Update on Great Smoky Mountains National Park

Several days ago, I decided that if I would predict that the water table in Great
Smoky Mountains would never return to normal that it would do exactly opposite of
my prediction and rain. It rained.  

I did notice that no one predicted what was about to happen. Oh sure, the weather
guys and gals predicted it a week ahead correctly in most cases (they can look at
the weather radar map and see what is coming) but no one predicted what
happened was going to happen in terms of the overall amount of water that was
about to fall from the skies. I must admit that I am pleasantly surprised. The water
table is probably well on its way to returning to normal. The rainfall amounts for this
month are about three times normal. It has been the right type of rain, meaning
slow, long periods of drizzling rain that almost all goes underground. In spite of over
six inches of rain this month, I have not noticed any of the streams in the Smokies
that were muddy or even heavily stained. For the most part they have been high
and clear the last several days. I haven't taken into account what rain fell yesterday
afternoon and last night. There has been much more and heavy at times.

The predictions are that the weather will return to far past our normal winter
weather tonight. When it all settles down in a few days, it will make the fishing a little
tougher than normal. That just adds to the challenge and satisfaction you get when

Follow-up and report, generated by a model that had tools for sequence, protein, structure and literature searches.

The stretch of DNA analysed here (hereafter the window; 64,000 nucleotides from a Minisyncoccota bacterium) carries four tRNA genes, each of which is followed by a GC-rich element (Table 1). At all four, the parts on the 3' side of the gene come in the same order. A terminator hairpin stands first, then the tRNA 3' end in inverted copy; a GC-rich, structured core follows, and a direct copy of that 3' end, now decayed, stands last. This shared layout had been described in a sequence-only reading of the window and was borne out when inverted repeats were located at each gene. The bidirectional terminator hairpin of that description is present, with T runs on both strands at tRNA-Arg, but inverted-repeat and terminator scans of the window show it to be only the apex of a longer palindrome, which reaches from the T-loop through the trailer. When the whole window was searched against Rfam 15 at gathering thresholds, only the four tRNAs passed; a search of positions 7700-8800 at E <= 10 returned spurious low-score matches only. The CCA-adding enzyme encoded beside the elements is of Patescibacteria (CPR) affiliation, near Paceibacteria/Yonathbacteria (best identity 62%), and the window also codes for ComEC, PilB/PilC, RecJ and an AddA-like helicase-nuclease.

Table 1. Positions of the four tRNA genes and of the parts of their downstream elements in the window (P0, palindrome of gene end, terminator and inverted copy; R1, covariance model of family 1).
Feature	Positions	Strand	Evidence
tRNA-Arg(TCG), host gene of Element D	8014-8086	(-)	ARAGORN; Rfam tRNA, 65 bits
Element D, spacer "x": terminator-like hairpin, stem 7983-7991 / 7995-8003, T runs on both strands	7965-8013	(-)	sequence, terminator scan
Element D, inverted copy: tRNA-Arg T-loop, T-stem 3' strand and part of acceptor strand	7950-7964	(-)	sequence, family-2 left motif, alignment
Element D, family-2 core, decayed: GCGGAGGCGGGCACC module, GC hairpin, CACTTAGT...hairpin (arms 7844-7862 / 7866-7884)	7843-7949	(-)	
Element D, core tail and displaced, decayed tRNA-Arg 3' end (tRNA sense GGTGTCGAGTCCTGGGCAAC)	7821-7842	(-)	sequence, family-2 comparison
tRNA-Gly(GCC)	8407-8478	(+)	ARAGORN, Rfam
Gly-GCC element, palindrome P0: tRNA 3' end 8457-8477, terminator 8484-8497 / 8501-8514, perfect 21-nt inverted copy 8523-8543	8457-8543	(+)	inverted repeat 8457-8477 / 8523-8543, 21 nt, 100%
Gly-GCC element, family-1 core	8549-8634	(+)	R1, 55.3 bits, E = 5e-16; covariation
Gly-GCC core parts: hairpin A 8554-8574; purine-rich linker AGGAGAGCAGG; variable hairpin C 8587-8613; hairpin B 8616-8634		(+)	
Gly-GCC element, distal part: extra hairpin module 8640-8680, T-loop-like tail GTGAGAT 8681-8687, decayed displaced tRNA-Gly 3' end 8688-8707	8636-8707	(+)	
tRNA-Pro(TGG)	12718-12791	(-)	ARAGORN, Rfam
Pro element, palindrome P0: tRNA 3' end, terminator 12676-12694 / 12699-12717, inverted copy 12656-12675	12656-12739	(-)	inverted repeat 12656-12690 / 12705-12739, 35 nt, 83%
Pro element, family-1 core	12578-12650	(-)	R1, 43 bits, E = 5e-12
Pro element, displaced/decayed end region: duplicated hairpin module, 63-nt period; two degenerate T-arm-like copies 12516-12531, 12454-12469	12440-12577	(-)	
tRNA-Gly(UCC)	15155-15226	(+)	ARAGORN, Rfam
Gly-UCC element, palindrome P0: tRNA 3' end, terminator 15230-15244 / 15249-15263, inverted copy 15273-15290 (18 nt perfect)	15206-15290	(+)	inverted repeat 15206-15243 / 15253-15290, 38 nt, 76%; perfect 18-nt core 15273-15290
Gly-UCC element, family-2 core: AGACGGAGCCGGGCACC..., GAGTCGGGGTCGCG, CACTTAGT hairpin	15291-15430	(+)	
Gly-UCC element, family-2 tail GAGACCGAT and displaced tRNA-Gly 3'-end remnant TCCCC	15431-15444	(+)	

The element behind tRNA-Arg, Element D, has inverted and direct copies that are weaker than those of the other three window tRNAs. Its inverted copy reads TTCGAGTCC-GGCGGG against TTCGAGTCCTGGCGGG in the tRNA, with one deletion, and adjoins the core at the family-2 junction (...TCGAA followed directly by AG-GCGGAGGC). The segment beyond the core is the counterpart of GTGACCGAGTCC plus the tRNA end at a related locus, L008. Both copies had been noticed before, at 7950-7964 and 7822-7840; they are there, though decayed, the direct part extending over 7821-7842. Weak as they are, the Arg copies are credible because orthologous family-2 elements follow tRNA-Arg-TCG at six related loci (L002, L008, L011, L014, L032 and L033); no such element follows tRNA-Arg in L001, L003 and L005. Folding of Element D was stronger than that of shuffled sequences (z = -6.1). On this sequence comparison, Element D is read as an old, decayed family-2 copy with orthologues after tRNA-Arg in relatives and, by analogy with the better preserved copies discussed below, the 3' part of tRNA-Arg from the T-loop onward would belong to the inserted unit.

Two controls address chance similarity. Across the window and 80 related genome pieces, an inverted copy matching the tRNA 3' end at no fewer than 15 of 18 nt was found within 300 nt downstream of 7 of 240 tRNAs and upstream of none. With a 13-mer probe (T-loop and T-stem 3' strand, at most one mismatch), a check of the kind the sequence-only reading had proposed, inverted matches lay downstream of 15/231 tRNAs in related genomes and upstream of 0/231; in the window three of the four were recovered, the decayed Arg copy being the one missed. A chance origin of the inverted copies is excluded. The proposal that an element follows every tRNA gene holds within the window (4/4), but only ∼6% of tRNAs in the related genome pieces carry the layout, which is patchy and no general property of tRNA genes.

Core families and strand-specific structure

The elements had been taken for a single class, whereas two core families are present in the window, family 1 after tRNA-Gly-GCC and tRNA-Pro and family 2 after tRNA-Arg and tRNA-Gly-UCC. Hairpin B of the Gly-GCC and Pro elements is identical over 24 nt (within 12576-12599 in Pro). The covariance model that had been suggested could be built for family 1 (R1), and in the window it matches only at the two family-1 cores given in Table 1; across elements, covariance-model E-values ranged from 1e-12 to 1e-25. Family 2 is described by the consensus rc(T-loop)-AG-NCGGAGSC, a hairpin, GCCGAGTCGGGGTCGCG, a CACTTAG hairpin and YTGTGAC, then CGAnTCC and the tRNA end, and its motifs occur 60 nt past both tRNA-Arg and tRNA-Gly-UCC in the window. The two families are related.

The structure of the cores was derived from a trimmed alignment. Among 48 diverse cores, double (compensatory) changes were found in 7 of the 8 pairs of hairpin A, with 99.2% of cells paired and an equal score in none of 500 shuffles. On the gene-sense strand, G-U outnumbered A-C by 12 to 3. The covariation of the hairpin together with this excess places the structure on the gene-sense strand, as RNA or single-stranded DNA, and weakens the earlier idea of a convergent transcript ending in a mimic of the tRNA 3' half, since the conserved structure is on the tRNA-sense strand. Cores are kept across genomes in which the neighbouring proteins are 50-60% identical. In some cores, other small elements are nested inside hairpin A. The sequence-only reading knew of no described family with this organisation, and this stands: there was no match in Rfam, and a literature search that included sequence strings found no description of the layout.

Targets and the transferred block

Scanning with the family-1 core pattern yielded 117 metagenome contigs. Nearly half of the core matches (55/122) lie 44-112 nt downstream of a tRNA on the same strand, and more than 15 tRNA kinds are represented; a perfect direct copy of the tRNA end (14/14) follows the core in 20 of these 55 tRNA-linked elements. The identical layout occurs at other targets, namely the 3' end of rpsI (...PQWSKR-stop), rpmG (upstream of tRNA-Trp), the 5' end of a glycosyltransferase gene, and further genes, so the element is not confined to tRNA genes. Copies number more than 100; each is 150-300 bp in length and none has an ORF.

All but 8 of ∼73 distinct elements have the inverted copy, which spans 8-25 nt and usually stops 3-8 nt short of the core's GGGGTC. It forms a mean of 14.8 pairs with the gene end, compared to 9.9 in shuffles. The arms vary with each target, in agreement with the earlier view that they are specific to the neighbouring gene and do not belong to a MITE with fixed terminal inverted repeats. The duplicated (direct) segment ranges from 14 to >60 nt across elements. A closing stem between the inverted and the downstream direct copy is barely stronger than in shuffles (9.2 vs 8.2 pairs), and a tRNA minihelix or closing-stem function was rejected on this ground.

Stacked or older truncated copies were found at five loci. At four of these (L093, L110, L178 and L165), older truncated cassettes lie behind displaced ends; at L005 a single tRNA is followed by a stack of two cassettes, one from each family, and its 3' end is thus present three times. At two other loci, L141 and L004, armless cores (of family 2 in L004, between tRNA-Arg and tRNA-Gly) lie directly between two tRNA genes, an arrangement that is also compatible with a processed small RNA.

you do have a good day. It won't be long before the weather will get warm. Spring
will come before we know it, trees will bud and the fish will become more active.
Everyone will have to come up with a set of entirely different excuses for their lack
of success.

Let me help. The water is getting warmer but it isn't quite warm enough yet. The
bugs haven't come off yet but they will any day. I saw a few Quill Gordons but the
trout were not looking up. (I guess they went blind since they are always looking up,
down and around without even moving their eyes). There were some bad
thunderstorms approaching and I had to quit early in the day. The water was too
high and stained. I fished behind someone all day and didn't realize it until darkness
set in.

Now those excuses are only for those guys who get asked about their day of
fishing. It is best to do what most anglers do and just go home and keep their mouth
shut when conditions are quote "perfect" and they still don't catch many trout.  

Tomorrow: Headwaters of the South Holston River, VA

Copyright 2008 James Marsh